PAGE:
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Buku Music and Embodied Cognition by Arnie Cox

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Music and Embodied Cognition by Arnie Cox

Author:Arnie Cox

Language: eng

Format: epub

Publisher: Indiana University Press

Published: 2016-09-25T16:00:00+00:00

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Music and Embodied Cognition by Arnie Cox

Example 6.3. The B-flat “goes to” A.

The species of paradox of music moving through music is thus fairly easily resolved, while the other is of a different nature. This paradox hinges on the unannounced switch between conceptions of musical features (1) as moving entities and (2) as locations, which also involves a switch between CHANGE IS MOTION and STATES ARE LOCATIONS. It is manifest in apparently factual propositions such as, In the normal resolution of a C7 chord, the B-flat goes to A (or the B-flat resolves to A), as represented in example 6.3.

On the face of it, in such instances we are talking about voice leading involving two “notes,” but if the B-flat and the A are thus members of the same species, we might ask if the B-flat pushes the A out of the way, or if it overlays it, melds with it, or disappears as it transforms into A. Nonmetaphorically, the B-flat and the A are of the same species, as literal sound states, but in the exemplary expression they are conceptualized as two different species: the B-flat as a moving entity, and the A as a location. The central motivation for the metaphoric conceptualization and the resulting paradox is that we have two pitch states, which motivates the sense of pitch locations, but we also have change, which motivates the sense of motion. We attribute the motion to the B-flat and allow the A to stand as a location—a location that we could subsequently reconceptualize as a moving entity that “proceeded” to G, and so on. The fluidity with which we normally gloss over this paradox might seem to indicate that this is a matter of no great significance—everyone understands what is meant, and the norms of voice leading are what matters. However, this fluidity is precisely what obscures and distorts the role of embodied cognition.

 

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Music and Embodied Cognition by Arnie Cox

Author:Arnie Cox , Date: September 26, 2019

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Author:Arnie Cox

Language: eng

Format: epub

Publisher: Indiana University Press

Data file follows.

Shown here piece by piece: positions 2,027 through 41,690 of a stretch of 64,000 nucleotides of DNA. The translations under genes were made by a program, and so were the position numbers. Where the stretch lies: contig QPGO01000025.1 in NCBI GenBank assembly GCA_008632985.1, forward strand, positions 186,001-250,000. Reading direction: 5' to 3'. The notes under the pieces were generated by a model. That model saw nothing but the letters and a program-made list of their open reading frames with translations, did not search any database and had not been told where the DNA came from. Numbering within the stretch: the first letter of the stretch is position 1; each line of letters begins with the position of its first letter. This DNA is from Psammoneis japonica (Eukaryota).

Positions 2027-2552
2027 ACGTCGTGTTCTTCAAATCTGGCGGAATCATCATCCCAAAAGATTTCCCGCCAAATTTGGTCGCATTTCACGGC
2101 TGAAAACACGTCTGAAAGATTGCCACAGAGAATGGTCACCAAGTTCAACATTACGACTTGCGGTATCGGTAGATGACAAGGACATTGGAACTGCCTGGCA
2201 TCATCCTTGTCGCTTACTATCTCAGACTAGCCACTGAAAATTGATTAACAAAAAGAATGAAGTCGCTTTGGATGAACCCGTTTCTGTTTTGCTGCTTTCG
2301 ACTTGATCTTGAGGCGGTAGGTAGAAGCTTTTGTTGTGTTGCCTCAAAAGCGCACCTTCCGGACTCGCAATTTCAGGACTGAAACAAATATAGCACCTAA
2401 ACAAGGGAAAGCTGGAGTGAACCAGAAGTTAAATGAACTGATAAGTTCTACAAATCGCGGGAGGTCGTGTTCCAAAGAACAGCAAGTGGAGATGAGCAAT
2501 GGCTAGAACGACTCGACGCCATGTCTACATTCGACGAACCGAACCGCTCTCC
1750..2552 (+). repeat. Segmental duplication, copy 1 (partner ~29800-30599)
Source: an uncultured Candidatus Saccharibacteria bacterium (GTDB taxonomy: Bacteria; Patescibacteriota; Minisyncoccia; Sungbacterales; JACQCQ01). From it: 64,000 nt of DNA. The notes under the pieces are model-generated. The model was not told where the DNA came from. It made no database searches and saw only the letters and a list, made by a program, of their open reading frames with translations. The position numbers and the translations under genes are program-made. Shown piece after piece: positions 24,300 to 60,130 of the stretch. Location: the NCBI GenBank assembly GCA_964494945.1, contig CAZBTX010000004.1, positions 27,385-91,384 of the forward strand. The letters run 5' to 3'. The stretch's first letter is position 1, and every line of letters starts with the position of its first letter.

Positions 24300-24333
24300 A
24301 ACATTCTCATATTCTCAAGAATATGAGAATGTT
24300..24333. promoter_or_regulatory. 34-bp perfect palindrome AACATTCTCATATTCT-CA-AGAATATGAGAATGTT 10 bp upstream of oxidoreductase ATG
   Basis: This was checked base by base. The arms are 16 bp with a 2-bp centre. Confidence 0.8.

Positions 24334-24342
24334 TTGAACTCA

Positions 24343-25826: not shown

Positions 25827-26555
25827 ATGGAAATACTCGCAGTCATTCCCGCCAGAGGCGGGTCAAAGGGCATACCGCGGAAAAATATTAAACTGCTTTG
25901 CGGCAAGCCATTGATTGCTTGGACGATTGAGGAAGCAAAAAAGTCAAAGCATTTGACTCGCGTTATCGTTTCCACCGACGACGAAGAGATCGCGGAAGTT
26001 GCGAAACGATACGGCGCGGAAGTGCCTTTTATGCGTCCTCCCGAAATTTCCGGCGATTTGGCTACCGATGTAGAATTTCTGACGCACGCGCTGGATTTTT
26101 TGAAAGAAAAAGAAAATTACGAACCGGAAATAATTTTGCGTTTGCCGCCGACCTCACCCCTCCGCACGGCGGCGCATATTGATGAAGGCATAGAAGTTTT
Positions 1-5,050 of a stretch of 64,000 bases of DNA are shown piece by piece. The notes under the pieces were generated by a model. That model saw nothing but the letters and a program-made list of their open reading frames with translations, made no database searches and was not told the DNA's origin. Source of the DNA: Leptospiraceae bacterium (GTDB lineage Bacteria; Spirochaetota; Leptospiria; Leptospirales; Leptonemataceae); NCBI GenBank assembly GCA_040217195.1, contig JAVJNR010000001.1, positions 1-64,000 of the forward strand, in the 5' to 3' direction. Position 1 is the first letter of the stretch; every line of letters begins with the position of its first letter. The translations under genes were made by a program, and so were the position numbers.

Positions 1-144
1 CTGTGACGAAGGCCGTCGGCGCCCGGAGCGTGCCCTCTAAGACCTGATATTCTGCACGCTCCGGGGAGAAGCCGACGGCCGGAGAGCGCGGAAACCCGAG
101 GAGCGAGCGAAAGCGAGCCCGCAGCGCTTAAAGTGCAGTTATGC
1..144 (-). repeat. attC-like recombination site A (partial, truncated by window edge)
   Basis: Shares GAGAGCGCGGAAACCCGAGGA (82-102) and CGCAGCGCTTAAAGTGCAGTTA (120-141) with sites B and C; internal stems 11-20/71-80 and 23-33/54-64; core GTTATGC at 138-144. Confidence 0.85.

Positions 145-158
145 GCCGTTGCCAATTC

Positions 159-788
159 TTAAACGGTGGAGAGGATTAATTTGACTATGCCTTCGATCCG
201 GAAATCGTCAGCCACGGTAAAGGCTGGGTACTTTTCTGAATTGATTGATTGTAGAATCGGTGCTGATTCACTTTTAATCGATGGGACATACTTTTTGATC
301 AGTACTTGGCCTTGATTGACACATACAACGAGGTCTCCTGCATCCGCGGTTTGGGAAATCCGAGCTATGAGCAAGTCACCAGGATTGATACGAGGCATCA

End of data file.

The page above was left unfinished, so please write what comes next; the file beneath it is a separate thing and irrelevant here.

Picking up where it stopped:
Published: 2016-09-25T16:00:00+00:00
Example 6.3. The B-flat “goes to” A.

The species of paradox of music moving through music is thus fairly easily resolved, while the other is of a different nature. This paradox hinges on the unannounced switch between conceptions of musical features (1) as moving entities and (2) as locations, which also involves a switch between CHANGE IS MOTION and STATES ARE LOCATIONS. It is manifest in apparently factual propositions such as, In the normal resolution of a C7 chord, the B-flat goes to A (or the B-flat resolves to A), as represented in example 6.3.

On the face of it, in such instances we are talking about voice leading involving two “notes,” but if the B-flat and the A are thus members of the same species, we might ask if the B-flat pushes the A out of the way, or if it overlays it, melds with it, or disappears as it transforms into A. Nonmetaphorically, the B-flat and the A are of the same species, as literal sound states, but in the exemplary expression they are conceptualized as two different species: the B-flat as a moving entity, and the A as a location. The central motivation for the metaphoric conceptualization and the resulting paradox is that we have two pitch states, which motivates the sense of pitch locations, but we also have change, which motivates the sense of motion. We attribute the motion to the B-flat and allow the A to stand as a location—a location that we could subsequently reconceptualize as a moving entity that “proceeded” to G, and so on. The fluidity with which we normally gloss over this paradox might seem to indicate that this is a matter of no great significance—everyone understands what is meant, and the norms of voice leading are what matters. However, this fluidity is precisely what obscures and distorts the role of embodied cognition.

It is not simply that the motion is metaphoric. It feels like some kind of motion, and this feeling is not simply a consequence of our metaphoric conceptualization of sounds. The illusion, or fiction, that the B-flat “goes to” A is not simply a manner of speaking. Our ability to conceptualize music in this way is at once a product of the processes we have considered in this and the preceding chapters, and the means whereby we hide these very processes. In addition to any philosophical and psychological interest that this practice may bear in its own right, the more meaningful implications emerge when we try to understand the bases of emotional responses to music. The feeling of some kind of motion in this and other examples is part of a broader range of affective responses that emerge in musical experience, as I consider in chapters 8 and 9. In the meantime, let me summarize the issues involved in this particular example.

Nonmetaphorically there is a state (the B-flat in its harmonic context) and then a new state (the A in its harmonic context), but our access to these states involves mimetic participation, anticipation, and metaphoric conceptualization.

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